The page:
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Convention (I) for the Amelioration of the Condition of the Wounded and Sick in Armed Forces in the Field. Geneva, 12 August 1949.
-- DISSEMINATION OF THE CONVENTION
[p.348] In subscribing to Article 1
the Powers undertook to respect and to ensure respect for the Convention in all circumstances. But a knowledge of law is an essential condition for its effective application. One of the worst enemies of the Geneva Conventions is ignorance.
It was important, therefore, that the Contracting Parties should be required to disseminate the text of the Convention as widely as possible in their respective countries. This is the purpose of Article 47 which originated in a provision of the 1906 Convention (Article 26
); this provision was reproduced in 1929, and was amplified and made more specific during the last revision of the text.
The obligation imposed on States under Article 47 is general and absolute. It has to be complied with both in time of peace and in time of war. Two specific measures are to be taken -- namely, military instruction and civil instruction, on both of which the Convention lays special emphasis.
The very first essential is that the Convention should be known by those who will be called upon to apply it -- by those who may have to account for their lapses in so doing before the courts, but may, on the other hand, reap the benefits of it in certain eventualities. The study of the Convention should accordingly find a Place in the training programmes of the whole of the armed forces, the instruction given being adapted to the rank of those for whom it is intended. It may be sufficient to teach recruits and members of the rank and file the guiding principles -- namely, protection of the wounded and of medical units and personnel, and respect for the distinctive emblem. On the other hand, Commanding Officers must have a very thorough knowledge of the Convention. Refresher courses in the essential elements of the instruction given should be held on mobilization, so as to implant a knowledge of the Convention firmly in the minds of the troops called up.
In certain countries the essential provisions of the Convention are printed in the Army Book of every member of the armed forces. This arrangement should be general. (1)
Article 47 expressly mentions two classes of persons other than combatants, who require special instruction -- namely, medical personnel [p.349] and chaplains. As these persons enjoy ' rights ' under the Convention, they ought to make a special point of scrupulously observing the corresponding ' duties ' which the Convention imposes on them.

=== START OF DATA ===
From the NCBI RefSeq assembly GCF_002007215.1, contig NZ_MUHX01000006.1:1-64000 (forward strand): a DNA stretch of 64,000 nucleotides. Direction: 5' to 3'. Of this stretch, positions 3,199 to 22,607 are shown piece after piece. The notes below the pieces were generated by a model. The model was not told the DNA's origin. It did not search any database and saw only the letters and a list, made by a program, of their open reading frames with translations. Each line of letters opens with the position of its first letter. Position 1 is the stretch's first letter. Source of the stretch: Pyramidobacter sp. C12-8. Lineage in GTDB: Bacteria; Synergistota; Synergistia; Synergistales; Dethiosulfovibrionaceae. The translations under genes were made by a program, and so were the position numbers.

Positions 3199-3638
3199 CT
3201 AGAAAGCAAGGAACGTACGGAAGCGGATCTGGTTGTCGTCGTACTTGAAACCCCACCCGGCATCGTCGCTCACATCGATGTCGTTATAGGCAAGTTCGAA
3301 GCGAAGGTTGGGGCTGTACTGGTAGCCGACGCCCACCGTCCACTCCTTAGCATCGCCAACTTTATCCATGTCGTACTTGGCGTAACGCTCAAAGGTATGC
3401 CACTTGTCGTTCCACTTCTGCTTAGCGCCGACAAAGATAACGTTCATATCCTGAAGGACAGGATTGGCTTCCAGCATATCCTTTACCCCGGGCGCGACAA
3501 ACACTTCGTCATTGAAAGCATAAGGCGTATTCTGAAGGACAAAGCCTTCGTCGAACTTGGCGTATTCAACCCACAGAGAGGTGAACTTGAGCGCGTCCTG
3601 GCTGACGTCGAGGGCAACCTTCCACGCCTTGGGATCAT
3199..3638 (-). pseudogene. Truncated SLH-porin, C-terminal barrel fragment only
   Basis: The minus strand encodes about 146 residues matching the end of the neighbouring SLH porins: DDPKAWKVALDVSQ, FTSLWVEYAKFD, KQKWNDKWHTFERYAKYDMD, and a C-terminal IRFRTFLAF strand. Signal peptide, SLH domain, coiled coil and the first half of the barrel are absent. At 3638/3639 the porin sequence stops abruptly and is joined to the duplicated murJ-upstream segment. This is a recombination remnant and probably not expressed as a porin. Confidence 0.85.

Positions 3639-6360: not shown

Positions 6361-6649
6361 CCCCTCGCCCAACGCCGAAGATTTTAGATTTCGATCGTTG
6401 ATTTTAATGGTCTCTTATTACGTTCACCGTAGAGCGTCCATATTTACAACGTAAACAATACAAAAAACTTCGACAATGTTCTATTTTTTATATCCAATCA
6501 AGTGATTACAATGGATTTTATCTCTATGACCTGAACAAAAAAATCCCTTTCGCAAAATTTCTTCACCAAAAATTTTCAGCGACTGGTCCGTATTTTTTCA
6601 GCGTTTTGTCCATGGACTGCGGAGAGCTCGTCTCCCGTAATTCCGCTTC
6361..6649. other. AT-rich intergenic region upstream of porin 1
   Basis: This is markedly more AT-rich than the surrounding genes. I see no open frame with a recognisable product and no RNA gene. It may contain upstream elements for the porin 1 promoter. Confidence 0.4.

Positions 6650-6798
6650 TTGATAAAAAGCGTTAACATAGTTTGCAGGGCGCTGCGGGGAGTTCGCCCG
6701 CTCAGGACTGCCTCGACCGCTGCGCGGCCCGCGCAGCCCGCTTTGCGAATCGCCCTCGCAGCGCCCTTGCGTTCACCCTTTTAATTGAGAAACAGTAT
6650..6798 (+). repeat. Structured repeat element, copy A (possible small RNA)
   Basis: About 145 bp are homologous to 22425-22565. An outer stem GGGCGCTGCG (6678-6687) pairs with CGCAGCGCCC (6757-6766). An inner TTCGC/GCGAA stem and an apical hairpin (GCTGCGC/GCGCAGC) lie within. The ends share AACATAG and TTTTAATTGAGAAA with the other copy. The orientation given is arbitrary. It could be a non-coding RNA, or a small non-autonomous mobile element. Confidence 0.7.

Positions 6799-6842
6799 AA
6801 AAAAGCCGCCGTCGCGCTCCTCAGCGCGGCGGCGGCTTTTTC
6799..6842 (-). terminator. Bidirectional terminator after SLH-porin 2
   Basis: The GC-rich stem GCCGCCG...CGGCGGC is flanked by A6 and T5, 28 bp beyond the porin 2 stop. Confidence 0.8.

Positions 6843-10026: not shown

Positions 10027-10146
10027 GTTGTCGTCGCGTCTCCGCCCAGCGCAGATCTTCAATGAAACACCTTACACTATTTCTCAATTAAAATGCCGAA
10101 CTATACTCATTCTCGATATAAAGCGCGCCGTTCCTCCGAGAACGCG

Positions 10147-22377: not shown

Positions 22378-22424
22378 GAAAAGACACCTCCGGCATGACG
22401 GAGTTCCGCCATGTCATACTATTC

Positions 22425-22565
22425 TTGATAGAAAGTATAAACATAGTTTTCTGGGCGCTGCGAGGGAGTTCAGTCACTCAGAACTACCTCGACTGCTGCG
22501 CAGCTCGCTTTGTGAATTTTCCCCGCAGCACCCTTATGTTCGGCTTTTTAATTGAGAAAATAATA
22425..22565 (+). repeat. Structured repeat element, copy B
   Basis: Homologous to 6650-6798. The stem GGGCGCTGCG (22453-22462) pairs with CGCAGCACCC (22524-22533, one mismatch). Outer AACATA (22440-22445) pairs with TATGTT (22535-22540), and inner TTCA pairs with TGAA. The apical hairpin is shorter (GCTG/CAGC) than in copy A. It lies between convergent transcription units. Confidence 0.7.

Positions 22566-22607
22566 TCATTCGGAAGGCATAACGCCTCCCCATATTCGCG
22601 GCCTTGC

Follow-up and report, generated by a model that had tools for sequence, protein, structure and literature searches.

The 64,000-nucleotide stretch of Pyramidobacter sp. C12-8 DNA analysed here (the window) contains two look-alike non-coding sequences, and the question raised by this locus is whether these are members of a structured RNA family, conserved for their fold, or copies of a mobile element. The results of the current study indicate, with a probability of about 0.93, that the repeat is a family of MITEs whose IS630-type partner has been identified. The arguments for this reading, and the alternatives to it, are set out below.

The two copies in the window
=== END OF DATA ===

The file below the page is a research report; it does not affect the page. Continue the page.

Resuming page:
It is also necessary to disseminate the Convention widely amongst the civilian population; for civilians are concerned in certain of its provisions (2). Moreover it is from among civilians that the armed forces are recruited. But there is a further consideration: man should be made familiar from childhood with the great principles of humanity and civilization, so that they may become deeply rooted in his consciousness.
Here again, therefore, in the case of civilians, provision is made for the inclusion of the study of the Convention in programmes of instruction.
The provision is, however, qualified by the words "if possible", not because the Diplomatic Conference of 1949 thought civilian instruction any less imperative than military instruction, but because education comes under the provincial authorities in certain countries with federal constitutions, and not under the central Government. Constitutional scruples, the propriety of which is open to question, led some delegations to safeguard the freedom of provincial decisions. (3)
Everyone, whether military or civilian, should have a good knowledge of the Convention, and should themselves be imbued with the sentiments of which it is so profound an expression. That is the best means of guaranteeing that the Convention will be respected. No stone should be left unturned in the pursuit of so all-important an aim. The States, to whom the fulfilment of the practical tasks which the Article imposes presents few difficulties, will assuredly be alive to their duty in this respect.
Widespread dissemination of the Geneva Conventions will not merely facilitate their application in time of war. It will also spread the principles of humanity, and thus help to develop a spirit of peace among the nations.
* (1) [(1) p.348] In 1951 the International Committee of the Red
Cross arranged for the publication of a short summary of
the Geneva Conventions of 1949 for the use of military
personnel and of the general public, in the form of a
booklet issued in French, English and Spanish;
(2) [(1) p.349] e.g. Articles 13, 18, 22, 26, 27, 35 and 44;
(3) [(2) p.349] See ' final Record of the Diplomatic
Conference of Geneva, 1949 ', Vol. II-B, pages 70 and 112;